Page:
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Justice for transgenders

Apropos the news item “SC rejects PIL for inheritance rights for transgender kids” (July 1), transgenders are children born with a physical deformity of sex organs. They are like any other children born with other physical deformities. The transgenders are better equipped to get education and acquire skills, earn their living and lead dignified lives than other handicapped children. They lead normal lives in all countries, except India. The transgenders in India are an offshoot of a wrong social tradition sanctioned by the Hindu religion, whereby such children are abandoned by families at birth to be taken care of by transgender groups which make them illiterate beggars and criminals. This tradition is against the concept of natural justice, rule of law and social justice and is harmful to society.

The Supreme Court has done a praiseworthy job by recognising transgenders as the third gender and directing the government to treat hijras and eunuchs as socially backward people and offer them jobs and education on quota. The rejection of the PIL to give directive to the government to prevent parents from abandoning the third gender children and maintain a record of such children is a retrograde step. The SC must review the order.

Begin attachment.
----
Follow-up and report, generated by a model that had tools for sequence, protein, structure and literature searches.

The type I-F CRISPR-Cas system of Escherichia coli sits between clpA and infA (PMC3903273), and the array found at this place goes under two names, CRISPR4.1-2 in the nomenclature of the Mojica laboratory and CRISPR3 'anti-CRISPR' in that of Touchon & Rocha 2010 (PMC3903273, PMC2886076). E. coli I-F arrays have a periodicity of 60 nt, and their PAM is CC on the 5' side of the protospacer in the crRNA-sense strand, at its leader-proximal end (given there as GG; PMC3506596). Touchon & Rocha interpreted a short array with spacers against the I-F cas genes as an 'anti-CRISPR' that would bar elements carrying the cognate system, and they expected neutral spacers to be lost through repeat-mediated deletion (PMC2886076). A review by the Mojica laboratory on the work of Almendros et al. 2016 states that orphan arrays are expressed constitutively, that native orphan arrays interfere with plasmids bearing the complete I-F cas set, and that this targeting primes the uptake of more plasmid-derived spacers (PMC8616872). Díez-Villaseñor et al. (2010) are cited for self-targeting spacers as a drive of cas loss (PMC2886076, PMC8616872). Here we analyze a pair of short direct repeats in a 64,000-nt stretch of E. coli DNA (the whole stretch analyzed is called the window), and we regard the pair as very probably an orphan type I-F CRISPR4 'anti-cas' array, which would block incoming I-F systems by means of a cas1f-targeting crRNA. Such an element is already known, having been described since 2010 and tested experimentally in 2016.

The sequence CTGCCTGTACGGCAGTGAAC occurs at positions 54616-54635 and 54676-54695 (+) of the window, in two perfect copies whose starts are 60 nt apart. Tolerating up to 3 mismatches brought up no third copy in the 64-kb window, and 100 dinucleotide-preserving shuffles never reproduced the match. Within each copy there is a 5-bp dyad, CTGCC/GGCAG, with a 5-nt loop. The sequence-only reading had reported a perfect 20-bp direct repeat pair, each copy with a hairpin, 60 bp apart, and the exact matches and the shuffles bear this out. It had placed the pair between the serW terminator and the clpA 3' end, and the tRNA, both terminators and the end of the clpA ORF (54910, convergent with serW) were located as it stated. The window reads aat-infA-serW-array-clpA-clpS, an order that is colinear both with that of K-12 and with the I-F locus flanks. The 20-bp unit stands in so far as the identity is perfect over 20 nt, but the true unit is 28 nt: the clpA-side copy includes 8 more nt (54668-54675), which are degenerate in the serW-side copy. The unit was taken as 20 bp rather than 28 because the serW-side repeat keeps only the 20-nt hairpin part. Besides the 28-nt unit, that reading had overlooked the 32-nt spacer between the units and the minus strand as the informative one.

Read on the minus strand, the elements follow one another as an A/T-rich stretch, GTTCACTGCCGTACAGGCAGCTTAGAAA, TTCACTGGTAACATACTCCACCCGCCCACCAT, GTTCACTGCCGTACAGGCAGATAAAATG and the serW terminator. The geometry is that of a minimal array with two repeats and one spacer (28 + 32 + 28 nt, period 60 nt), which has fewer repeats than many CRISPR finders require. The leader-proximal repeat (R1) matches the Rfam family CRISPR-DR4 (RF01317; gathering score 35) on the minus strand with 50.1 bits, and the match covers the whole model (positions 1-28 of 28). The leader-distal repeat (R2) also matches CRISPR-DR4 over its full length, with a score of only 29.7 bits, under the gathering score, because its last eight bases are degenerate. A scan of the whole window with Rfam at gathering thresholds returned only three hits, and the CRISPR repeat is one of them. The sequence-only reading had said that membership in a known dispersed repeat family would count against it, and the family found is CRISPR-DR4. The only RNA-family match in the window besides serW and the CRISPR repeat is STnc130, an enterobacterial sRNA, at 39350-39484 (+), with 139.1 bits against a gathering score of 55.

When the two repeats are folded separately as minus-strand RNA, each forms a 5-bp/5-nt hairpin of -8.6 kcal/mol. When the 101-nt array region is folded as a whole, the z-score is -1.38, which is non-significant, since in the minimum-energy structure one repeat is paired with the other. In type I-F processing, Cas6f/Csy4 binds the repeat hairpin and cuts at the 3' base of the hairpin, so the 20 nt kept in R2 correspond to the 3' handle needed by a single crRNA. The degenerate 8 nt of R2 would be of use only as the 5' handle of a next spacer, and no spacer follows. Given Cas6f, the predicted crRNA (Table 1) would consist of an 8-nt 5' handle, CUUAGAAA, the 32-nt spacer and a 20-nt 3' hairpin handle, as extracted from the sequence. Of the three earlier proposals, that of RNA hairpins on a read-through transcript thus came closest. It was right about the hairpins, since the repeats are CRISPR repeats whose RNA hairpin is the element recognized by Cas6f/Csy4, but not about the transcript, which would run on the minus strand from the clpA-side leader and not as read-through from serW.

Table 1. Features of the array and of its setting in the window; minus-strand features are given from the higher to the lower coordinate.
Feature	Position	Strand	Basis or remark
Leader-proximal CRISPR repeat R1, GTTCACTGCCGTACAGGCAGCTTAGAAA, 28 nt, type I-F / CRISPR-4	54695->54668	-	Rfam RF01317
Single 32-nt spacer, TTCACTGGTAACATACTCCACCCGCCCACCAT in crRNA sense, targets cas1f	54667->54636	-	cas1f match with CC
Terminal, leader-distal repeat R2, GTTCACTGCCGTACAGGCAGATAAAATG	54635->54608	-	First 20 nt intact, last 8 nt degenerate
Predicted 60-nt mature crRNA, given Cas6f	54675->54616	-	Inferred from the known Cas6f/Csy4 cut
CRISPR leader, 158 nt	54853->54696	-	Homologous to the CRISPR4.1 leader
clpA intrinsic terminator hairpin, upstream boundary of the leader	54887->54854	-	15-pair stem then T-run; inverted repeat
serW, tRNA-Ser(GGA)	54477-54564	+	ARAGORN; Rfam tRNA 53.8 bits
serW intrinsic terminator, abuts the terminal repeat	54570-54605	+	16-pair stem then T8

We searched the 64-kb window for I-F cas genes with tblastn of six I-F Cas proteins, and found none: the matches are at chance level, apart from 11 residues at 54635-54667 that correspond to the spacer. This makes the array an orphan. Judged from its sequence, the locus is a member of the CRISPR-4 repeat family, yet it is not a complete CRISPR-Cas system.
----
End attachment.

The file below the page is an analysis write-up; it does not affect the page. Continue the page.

Manga Ram, Faridabad

Selection of judges

This is in reference to the news regarding the recommendation of the Supreme Court collegium to appoint four persons as SC judges. Normally, the recommendation is sent to the President through the Prime Minister. While the executive has a right to express its opinion on the recommendation, the opinion should be fair and just without any extraneous considerations. However, the executive has failed to follow the traditions in the case of Subramaniam. In a similar departure from tradition, Indira Gandhi bypassed senior judges in the matter of appointment of the Chief Justice of India. It was criticised by the people and the Bar. The present case is fit for the President to suggest a reconsideration.